Association of pre- and post-natal parental smoking with offspring body mass index: an 8-year follow-up of a birth cohort
Florath I, Kohler M, Weck MN et al
Maternal smoking during pregnancy is associated with offspring overweight, but it is still unclear whether this association is due to confounding by parental lifestyle habits or caused by direct effects of intrauterine tobacco smoke exposure.
Maternal smoking during pregnancy was validated by cord serum cotinine measurements and the offspring body mass index was assessed at various ages.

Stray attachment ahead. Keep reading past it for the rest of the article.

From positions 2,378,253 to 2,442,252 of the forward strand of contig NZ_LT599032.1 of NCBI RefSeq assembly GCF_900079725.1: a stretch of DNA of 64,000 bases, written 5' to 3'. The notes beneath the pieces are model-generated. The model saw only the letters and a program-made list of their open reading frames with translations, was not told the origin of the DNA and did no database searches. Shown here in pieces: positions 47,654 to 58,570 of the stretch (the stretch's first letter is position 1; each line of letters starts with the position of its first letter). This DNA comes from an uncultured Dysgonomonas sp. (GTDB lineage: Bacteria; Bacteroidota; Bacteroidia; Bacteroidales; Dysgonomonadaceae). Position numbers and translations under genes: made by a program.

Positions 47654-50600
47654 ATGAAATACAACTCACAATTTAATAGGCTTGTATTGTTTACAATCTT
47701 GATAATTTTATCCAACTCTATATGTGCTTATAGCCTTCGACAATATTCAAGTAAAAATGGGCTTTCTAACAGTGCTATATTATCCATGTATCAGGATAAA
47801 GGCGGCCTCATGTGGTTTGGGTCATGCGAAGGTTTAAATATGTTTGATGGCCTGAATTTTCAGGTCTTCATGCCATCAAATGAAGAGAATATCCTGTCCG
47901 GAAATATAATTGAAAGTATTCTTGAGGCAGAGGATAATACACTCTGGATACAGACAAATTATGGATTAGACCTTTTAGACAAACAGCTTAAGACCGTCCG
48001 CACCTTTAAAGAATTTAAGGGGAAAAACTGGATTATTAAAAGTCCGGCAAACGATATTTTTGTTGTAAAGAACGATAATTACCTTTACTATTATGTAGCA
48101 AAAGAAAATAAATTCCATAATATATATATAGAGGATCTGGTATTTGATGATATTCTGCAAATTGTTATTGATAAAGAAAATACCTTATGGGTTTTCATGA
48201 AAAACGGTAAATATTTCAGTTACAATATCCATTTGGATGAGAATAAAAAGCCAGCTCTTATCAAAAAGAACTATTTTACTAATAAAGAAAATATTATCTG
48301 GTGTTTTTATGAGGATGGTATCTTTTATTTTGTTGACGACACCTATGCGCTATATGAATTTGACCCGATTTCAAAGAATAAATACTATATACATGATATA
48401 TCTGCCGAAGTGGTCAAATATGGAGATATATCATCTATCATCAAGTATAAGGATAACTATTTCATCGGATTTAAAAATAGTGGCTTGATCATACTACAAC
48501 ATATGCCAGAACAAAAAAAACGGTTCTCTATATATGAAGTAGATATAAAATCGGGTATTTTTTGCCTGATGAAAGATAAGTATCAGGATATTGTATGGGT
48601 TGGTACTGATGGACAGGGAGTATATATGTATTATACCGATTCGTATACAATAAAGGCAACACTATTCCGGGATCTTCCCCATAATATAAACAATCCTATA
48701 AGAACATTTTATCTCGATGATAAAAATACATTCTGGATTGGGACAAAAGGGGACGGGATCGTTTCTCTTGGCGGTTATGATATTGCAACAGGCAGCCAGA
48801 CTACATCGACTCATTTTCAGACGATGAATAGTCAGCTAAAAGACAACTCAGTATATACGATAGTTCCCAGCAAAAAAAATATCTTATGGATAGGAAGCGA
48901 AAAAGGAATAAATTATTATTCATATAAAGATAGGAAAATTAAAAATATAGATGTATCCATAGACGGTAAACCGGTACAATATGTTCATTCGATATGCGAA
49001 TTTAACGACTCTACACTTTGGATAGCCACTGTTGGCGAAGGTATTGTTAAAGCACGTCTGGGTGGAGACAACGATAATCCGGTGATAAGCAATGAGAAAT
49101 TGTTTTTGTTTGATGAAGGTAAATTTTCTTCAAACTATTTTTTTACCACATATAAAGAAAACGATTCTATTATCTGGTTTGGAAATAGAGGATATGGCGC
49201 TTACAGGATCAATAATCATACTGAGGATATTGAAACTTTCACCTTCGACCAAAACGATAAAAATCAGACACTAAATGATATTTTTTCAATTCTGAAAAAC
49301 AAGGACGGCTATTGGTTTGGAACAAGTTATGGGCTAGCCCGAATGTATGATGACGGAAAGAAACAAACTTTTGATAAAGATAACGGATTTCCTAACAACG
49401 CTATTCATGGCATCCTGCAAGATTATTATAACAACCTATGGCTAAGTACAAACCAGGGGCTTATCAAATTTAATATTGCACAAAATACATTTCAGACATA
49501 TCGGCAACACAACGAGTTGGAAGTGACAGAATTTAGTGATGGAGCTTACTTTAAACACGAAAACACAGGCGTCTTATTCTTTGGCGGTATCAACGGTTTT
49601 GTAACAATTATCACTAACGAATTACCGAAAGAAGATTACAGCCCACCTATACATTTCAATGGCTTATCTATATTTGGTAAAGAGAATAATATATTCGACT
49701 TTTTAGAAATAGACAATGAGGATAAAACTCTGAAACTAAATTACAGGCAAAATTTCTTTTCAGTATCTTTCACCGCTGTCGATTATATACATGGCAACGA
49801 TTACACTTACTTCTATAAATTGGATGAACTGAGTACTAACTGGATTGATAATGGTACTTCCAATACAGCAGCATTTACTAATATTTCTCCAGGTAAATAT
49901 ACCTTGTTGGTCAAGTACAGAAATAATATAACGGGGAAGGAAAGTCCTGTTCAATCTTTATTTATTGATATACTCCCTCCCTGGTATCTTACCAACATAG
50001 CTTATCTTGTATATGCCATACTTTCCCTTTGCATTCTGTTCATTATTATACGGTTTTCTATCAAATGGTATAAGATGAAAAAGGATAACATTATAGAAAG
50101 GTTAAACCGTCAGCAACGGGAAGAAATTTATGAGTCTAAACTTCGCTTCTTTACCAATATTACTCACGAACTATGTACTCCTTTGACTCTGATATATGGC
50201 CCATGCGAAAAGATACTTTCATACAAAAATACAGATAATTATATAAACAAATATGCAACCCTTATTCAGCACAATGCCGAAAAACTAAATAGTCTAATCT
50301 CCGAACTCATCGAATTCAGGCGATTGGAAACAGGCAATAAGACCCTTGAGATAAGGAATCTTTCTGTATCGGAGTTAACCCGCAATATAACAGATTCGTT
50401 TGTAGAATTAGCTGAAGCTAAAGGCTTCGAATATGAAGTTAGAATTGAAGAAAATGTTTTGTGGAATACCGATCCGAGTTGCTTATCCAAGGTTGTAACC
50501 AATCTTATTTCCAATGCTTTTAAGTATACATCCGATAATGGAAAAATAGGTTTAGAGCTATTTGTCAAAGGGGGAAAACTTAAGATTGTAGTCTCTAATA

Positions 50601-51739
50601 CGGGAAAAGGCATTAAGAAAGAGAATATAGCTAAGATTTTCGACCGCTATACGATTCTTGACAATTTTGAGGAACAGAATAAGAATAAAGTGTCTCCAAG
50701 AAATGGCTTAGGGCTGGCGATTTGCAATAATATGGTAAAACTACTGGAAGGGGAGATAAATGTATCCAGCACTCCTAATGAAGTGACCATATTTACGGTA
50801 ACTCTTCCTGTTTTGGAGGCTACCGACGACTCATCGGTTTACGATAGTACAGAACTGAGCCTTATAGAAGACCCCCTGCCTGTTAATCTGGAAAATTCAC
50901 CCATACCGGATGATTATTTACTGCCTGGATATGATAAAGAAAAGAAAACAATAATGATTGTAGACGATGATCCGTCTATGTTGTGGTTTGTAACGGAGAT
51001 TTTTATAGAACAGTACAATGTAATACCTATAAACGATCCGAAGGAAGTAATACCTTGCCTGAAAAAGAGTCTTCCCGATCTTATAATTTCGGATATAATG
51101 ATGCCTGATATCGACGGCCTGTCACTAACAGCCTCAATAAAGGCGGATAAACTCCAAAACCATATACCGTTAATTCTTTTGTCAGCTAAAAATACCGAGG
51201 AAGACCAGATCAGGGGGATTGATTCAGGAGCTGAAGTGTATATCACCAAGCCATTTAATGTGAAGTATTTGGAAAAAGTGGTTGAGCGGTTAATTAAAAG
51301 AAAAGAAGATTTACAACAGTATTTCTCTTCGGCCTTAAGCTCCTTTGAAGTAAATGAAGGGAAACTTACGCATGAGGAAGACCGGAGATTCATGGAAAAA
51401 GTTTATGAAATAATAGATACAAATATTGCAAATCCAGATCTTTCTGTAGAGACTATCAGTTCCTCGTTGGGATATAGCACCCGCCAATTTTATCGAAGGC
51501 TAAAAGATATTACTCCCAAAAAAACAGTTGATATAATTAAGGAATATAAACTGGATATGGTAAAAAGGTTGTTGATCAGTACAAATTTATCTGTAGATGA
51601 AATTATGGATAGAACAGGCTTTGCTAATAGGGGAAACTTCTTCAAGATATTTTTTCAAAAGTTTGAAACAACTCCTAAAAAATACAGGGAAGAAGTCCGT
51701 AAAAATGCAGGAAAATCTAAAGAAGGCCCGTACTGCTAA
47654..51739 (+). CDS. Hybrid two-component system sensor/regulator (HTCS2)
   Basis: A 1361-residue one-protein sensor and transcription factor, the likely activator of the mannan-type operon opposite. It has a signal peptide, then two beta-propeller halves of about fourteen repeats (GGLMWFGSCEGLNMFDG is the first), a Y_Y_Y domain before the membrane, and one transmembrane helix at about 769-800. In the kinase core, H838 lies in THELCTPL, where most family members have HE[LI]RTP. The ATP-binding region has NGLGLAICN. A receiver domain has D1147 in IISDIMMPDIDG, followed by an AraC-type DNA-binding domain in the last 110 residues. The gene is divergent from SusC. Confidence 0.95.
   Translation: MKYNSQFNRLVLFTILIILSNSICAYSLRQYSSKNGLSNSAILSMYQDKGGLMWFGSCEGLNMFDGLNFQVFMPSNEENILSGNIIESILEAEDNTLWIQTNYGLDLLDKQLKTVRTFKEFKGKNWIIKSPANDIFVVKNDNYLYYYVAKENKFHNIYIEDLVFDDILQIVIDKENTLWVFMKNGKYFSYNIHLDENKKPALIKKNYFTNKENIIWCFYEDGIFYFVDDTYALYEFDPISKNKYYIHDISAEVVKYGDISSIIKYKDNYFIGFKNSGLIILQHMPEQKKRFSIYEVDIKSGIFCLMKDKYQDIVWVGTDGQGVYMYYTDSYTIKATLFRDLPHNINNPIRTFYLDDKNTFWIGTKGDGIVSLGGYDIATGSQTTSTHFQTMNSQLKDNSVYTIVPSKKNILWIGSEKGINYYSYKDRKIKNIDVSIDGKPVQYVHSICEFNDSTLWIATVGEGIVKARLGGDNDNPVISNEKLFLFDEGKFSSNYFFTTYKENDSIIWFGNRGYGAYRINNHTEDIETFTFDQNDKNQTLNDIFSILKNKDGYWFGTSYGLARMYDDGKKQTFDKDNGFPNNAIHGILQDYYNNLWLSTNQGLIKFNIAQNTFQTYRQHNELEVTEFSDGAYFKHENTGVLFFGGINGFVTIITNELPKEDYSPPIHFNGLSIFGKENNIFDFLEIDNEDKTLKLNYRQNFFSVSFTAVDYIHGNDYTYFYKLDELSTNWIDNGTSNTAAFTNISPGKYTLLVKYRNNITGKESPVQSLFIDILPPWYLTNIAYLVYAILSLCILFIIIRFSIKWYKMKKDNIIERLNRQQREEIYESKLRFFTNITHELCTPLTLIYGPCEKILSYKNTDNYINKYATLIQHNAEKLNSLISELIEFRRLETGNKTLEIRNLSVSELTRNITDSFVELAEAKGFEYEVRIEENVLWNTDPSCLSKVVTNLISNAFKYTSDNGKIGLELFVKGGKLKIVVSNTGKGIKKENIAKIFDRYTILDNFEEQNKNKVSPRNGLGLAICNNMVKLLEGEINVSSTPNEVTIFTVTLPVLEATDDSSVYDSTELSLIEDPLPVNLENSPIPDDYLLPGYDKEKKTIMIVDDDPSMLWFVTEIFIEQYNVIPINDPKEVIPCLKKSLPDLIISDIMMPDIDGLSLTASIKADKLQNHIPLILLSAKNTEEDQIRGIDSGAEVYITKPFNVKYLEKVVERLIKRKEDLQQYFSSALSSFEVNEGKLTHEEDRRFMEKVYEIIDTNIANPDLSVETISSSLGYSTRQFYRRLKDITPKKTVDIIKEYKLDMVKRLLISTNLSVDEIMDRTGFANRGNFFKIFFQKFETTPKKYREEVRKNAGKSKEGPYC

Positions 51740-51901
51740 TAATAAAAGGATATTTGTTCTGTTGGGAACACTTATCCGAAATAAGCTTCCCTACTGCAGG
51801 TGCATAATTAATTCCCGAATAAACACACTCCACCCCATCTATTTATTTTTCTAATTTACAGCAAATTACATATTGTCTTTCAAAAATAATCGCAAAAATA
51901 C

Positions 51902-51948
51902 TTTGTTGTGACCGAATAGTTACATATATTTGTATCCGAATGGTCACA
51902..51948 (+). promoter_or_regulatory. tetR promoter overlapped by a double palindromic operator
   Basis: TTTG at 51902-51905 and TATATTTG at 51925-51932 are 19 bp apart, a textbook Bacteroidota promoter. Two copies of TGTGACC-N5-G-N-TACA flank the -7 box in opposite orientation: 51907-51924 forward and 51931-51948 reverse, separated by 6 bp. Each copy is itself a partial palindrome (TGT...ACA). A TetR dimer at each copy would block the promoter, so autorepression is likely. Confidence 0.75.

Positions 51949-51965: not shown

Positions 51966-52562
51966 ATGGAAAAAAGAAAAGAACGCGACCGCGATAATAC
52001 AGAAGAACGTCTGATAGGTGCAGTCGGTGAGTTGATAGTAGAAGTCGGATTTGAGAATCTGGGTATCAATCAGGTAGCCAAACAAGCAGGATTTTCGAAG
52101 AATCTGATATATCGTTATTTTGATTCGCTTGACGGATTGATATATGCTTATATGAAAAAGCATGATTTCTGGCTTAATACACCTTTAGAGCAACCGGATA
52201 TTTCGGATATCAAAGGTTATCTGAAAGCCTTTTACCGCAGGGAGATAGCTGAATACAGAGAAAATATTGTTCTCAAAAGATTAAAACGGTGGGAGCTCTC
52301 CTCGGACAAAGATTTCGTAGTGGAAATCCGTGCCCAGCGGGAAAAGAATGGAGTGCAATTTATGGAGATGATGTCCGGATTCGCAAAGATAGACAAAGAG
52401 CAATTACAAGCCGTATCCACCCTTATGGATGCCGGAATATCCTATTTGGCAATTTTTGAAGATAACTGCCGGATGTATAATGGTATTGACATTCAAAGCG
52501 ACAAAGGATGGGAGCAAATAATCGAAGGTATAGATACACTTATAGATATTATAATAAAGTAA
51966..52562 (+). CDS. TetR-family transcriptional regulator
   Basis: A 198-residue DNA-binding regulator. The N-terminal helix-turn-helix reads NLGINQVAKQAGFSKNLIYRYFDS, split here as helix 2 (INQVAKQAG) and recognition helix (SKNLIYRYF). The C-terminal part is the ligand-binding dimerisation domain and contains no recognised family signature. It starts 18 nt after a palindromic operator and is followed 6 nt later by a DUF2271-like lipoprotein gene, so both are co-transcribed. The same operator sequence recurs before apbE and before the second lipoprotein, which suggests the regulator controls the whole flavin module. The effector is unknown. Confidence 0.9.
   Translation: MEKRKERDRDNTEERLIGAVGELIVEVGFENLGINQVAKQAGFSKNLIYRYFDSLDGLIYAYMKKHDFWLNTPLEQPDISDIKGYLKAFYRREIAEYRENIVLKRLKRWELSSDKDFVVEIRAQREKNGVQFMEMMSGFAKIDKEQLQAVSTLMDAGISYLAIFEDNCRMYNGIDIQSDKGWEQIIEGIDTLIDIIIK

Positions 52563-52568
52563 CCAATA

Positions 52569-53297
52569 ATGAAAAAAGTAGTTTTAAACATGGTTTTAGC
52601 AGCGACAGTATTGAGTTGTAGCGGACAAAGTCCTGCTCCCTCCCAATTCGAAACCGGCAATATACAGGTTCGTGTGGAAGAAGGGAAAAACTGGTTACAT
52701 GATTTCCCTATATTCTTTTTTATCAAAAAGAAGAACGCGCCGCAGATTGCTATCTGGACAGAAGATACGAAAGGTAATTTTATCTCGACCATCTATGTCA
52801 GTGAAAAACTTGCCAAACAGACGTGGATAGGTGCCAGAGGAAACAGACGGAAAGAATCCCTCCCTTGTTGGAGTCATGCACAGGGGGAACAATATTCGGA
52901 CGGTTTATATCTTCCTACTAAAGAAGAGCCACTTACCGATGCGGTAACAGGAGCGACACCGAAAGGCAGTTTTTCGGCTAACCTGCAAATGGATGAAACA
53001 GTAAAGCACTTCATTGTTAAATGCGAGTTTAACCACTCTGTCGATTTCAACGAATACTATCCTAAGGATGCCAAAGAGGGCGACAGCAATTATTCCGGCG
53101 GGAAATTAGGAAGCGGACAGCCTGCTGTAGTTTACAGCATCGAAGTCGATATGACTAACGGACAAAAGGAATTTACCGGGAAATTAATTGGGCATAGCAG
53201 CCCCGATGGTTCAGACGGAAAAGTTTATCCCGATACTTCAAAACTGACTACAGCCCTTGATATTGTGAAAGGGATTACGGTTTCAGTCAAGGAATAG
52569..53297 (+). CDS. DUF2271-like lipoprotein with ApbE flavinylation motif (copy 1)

Maternal smoking during pregnancy was significantly associated with offspring body mass index at 8 years of age with a trend for increased body mass index from 4 years of age onwards.
Paternal smoking and smoking of both parents at pre- and post-natal periods was positively associated with offspring body mass index, which suggests residual confounding by lifestyle habits in smoking families rather than intrauterine effects.
See this paper on the web (membership may be required)